Nick was a TV & Radio student at The University of Salford and graduated in 2018 before moving to work in TV production at the BBC and Channel 4. We asked Nick, an Alumni Achievement Award winner, what he’s getting up to since Salford.
Q: What was your favourite part of the university experience?
A: Probably my final project, which was a radio documentary about an autistic chef who ran a social supper group in Salford. It was a great story and here in the heart of Salford.
Q: Where did you go on to work after Salford?
A: A real range of things to be honest: Children in Need, BBC Radio Manchester, BBC Bitesize, Channel 4 documentaries and most recently working on a documentary with Chris Packham about autism, which being autistic myself is kind of my bag.
Q: How has your alumni achievement award helped you?
A: It was thanks to a nomination from The School of Arts and Media. I picked it up at The Create Student Awards earlier this year and used it to give a little speech about how important diversity is in our industry. I spoke to someone as we mingled after the awards who said: “you should really give reporting or presenting a go” and it was something I hadn’t really considered since I was much younger. Already from the showreel, I put together, I’ve had 3 offers of on-camera reporting work.
Q: What is it like working in the media industry with neurodivergence and autism?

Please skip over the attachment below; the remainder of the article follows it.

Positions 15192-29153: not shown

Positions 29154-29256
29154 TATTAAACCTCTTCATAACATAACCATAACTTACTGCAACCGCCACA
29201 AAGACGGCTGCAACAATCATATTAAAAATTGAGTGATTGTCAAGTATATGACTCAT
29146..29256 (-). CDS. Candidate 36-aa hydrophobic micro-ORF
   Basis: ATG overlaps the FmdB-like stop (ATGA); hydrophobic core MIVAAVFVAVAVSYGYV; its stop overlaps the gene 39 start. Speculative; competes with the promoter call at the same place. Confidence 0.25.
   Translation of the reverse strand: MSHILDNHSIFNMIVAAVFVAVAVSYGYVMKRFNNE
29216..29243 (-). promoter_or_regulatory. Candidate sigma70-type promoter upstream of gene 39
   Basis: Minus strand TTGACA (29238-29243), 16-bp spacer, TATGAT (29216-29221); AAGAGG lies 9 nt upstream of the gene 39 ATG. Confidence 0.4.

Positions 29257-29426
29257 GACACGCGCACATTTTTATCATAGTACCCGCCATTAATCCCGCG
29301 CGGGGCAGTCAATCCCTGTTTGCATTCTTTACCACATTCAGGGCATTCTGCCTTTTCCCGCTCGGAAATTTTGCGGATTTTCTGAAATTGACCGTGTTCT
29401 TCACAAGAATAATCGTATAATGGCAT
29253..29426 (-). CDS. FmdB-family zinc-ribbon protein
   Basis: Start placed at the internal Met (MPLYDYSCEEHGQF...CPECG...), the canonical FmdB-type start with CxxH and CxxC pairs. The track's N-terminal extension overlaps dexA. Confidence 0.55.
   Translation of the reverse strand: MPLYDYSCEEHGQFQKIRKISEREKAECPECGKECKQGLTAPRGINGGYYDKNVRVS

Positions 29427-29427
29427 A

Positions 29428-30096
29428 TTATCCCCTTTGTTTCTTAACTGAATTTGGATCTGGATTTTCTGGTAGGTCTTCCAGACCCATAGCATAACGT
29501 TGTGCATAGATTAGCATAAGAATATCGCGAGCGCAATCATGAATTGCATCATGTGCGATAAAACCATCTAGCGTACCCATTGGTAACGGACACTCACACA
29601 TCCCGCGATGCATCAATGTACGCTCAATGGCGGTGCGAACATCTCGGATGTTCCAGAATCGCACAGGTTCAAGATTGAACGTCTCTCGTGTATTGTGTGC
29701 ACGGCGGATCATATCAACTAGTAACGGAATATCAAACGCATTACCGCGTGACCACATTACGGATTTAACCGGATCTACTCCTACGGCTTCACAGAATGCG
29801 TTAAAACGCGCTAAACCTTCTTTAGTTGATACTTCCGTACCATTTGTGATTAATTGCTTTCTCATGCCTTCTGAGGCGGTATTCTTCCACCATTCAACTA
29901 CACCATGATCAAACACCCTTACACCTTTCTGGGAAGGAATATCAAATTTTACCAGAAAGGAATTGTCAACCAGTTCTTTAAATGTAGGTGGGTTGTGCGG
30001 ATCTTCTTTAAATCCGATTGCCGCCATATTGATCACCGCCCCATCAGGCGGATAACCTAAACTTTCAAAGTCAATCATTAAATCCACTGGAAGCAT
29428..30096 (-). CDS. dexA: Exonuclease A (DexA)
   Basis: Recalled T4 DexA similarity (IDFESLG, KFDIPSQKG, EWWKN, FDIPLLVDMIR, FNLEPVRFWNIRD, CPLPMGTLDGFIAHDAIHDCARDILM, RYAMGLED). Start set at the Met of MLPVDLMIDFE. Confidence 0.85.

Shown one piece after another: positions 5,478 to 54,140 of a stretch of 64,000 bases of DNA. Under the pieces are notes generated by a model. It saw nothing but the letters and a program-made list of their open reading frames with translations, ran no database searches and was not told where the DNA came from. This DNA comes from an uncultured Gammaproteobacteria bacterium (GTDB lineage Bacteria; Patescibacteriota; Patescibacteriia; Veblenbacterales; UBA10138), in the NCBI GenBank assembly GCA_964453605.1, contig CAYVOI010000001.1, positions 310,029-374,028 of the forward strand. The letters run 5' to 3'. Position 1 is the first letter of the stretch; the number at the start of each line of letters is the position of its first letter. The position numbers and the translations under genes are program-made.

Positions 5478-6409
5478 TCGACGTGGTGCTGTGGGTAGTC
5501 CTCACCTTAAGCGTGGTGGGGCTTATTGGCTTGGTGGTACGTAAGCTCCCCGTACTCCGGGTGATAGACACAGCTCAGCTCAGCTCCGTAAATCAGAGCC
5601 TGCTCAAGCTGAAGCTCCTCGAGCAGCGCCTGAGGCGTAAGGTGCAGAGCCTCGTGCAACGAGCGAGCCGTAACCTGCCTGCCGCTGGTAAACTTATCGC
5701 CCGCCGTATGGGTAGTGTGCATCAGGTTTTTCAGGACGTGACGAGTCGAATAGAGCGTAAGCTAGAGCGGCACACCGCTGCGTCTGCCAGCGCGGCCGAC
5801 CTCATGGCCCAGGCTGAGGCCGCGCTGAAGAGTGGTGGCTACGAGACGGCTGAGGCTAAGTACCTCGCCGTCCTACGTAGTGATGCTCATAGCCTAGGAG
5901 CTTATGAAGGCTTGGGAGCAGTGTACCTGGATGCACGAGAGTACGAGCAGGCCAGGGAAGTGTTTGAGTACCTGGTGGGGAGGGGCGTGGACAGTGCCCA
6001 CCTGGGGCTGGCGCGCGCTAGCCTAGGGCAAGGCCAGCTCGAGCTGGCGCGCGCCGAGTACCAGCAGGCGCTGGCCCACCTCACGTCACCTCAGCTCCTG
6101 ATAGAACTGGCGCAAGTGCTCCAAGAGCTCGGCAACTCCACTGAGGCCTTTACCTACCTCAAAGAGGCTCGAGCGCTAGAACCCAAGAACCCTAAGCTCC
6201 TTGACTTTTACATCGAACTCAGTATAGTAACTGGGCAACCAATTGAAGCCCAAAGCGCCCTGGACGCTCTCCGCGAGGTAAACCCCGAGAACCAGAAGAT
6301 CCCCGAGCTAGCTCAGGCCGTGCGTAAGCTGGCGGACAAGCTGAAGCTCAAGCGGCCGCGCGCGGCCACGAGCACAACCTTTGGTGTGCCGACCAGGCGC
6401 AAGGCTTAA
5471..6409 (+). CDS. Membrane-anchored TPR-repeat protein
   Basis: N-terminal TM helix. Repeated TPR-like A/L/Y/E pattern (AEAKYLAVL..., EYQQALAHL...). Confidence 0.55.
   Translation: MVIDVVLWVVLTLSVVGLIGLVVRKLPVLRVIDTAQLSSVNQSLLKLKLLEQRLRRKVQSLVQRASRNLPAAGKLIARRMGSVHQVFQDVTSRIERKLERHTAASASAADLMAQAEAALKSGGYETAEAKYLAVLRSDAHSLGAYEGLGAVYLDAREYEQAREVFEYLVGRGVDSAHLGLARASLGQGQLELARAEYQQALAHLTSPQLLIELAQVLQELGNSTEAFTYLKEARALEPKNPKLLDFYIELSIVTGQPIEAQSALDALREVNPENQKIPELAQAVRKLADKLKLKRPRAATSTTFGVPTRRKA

A: I feel like I’m slightly unique in the sense that because it is an obsession, or as we call it in the autistic world a special interest, my capacity to work is probably better than anyone else in terms of stamina, I mean. I worked an 18-hour day last year for a TV channel and I told them I didn’t think it was right. As an industry, we should be striving to be better in terms of working hours.
Q: What is one thing you carry forward with you day to day from the university?
A: I was told to make a little contact book with when you last spoke to people and add their details into it. I’ve since outgrown this book and now have an enormous word document with all their contact details on. It’s also helpful to maintain contacts too – I look back and see who I need to have a catchup with or meet for a coffee if I haven’t spoken to them recently.
Q: What’s next for you?
A: I’m pleased to say I’ll be doing more on-screen work rather than behind the scenes. I’m going to be appearing on screen more over the coming weeks and months as I begin reporting on a range of matters. This has been something I’ve been working on for a while now.